QUEENSRŸCHE Frontman Says The American Public 'Has Really Dumbed Down'

Jeff Kerby of KNAC.COM recently conducted an interview with QUEENSRŸCHE frontman Geoff Tate. An excerpt from the chat follows:

KNAC.COM: Don't you have to have a certain expectation about your fans to even attempt a sequel to the record ["Operation: Mindcrime"] that in many ways has defined what QUEENSRŸCHE has been? Wouldn't the audience have to want to evolve from that point in order to make this successful?

Geoff Tate: "You're getting into a really big can of worms. [Laughs]"

KNAC.COM: In fact those were the exact words I was going to use when I was going to ask you how many times a day you go, "Man, I have really opened up a big can of worms here with this new 'Mindcrime' thing."

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Geoff Tate: "Oh, I never think that."

KNAC.COM: Never?

Geoff Tate: "No, not with the record. Any time you take into account the expectations of people, you are taking a wrong turn. I refuse to go down that path. I have taken it before in my life, and there is no end to the problems and issues that brings up. I want to live my life with no feeling of regret. What I have tried to do with my art is to act upon what moves me. If people like it or they don't, I don't give a shit about that. It isn't for them — it's for me. In that respect it is completely selfish, but that's self expression. That is how I've lived my life, and it has worked."

KNAC.COM: In your defense, in order for anything to be truly authentic, you would have to be focused and committed to the idea of your project rather than replicating a preexisting movement or merely copying a work that you've already produced.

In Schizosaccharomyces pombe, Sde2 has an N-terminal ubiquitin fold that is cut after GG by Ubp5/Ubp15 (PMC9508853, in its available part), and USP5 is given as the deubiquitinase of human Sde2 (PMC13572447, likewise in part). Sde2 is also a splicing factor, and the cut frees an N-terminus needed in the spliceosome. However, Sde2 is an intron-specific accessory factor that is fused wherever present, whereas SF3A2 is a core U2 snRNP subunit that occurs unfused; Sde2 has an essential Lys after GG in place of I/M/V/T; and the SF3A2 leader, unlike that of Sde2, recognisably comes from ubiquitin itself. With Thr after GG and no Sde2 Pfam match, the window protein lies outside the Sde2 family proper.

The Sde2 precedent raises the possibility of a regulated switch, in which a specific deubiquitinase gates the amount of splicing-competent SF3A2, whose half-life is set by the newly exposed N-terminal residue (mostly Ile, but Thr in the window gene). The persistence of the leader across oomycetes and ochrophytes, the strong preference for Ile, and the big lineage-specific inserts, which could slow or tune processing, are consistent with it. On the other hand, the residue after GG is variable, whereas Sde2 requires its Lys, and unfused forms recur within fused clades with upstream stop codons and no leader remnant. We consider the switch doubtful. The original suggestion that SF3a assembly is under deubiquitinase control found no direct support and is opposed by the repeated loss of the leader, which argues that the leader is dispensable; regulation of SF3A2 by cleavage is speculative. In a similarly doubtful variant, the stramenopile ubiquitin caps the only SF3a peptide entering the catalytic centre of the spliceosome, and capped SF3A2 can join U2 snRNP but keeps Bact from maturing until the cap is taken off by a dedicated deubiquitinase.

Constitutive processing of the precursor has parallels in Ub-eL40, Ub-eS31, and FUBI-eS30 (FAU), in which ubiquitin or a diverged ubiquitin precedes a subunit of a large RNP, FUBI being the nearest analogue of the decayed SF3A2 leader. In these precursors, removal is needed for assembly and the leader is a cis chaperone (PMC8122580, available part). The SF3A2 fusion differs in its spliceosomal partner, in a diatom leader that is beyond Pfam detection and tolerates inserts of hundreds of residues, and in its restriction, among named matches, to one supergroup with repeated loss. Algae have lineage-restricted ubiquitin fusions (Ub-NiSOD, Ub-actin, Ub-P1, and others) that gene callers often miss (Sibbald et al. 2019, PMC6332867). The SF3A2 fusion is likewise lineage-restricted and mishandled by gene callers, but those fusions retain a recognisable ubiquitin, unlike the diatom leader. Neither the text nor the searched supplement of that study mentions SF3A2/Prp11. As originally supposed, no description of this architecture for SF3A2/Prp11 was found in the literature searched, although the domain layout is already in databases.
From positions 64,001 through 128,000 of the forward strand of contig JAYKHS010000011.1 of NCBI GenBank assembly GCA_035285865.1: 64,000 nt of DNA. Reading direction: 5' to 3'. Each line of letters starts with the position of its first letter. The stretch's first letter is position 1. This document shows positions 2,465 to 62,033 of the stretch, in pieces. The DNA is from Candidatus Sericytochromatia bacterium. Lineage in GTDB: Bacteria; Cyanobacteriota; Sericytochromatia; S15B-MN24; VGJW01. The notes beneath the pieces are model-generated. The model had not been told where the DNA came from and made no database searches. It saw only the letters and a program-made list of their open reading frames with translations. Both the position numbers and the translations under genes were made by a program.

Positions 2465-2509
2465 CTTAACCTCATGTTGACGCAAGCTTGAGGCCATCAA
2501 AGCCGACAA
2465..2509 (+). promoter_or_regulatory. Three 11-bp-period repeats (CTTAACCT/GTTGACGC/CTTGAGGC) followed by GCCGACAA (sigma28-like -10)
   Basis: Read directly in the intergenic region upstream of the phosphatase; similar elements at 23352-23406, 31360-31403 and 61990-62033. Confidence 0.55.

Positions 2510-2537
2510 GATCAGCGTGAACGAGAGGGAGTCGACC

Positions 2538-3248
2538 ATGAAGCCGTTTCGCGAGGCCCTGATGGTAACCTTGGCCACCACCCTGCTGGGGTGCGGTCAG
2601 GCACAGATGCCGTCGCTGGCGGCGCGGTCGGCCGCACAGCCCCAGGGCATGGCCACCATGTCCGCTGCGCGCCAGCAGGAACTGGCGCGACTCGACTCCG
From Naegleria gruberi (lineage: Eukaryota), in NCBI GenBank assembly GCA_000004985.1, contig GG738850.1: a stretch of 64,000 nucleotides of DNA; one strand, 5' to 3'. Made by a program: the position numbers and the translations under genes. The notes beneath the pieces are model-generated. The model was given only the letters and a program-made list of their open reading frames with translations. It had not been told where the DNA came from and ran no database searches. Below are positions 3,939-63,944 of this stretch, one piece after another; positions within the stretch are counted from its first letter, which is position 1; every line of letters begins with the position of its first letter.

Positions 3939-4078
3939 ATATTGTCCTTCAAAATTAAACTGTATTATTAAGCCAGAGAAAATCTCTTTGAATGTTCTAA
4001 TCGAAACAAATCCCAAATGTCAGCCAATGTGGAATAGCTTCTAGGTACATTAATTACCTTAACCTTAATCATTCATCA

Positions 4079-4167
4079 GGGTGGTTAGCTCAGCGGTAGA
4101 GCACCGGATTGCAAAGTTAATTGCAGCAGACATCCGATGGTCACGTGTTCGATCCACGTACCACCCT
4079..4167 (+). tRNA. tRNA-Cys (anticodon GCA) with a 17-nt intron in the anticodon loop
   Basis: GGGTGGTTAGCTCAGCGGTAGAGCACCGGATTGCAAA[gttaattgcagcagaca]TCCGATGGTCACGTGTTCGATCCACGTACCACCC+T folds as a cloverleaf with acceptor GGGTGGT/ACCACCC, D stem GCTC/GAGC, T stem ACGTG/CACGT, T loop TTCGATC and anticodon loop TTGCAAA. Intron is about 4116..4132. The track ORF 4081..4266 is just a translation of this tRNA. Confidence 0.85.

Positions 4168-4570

Geoff Tate: "Yeah, I don't think anyone could be successful operating that way because you're constantly chasing public opinion which is so damn fickle. It's like you're constantly chasing a tail that's wagging in front of you. I just don't even think that way. It isn't like we're trying to capitalize on the original 'Operation: Mindcrime' either. If we were going to do that, we would have picked a more successful album. We're just looking to extend the story because it was left open ended. The timing just seems right to revisit the story now and tell the tale because the times we're in now are so similar. The time the original 'Mindcrime' was written was so similar to now — it's really weird. We have Bush in power now along with the conservative, religious right that are limiting freedoms for Americans. We are invested in a no win war overseas that we are putting millions and millions of dollars into while running up an enormous deficit. We are all back in debt again, and these similarities are so ironic that it would almost be a crime not to explore the idea again. In our minds it is time to do that. This record is really a continuation that takes place eighteen years later, and we drop in on Nikki's life and see what he has become.

KNAC.COM: I know you have been bandying around this idea of having a sequel to "Mindcrime" for awhile, and I also know you want to express yourself with this, but did you become more committed after this November's election or instead were you discouraged by the results?

Geoff Tate: "Well, I'm not really out to change anything or any person's mind with this album. It's more of a study of the human condition or a study of power — a kind of cause and effect. Regarding the election though, I don't think that at any given time in my life have I been so disappointed as in this one. I have never been so puzzled by the supposed polarization of the public — actually, I don't necessarily even believe there is a polarization of the public. I don't think the election was an honest election — why should it have been any different than the last one? I think the Bushes are just an incredibly powerful family, and their power extends back through American history. They have so much wealth and power and the ability to sway public policy that they can basically get away with murder. I actually believe that. I'm not talking about conspiracy theories or all of that kind of crap. I'm just talking about reality. The American public in the last ten to fifteen years has really dumbed down. We are just so programmed to accept commerciality and the idea of a consumer society. We have to purchase…stuff. Our culture is basically consumerism."

Read the entire interview at KNAC.COM.

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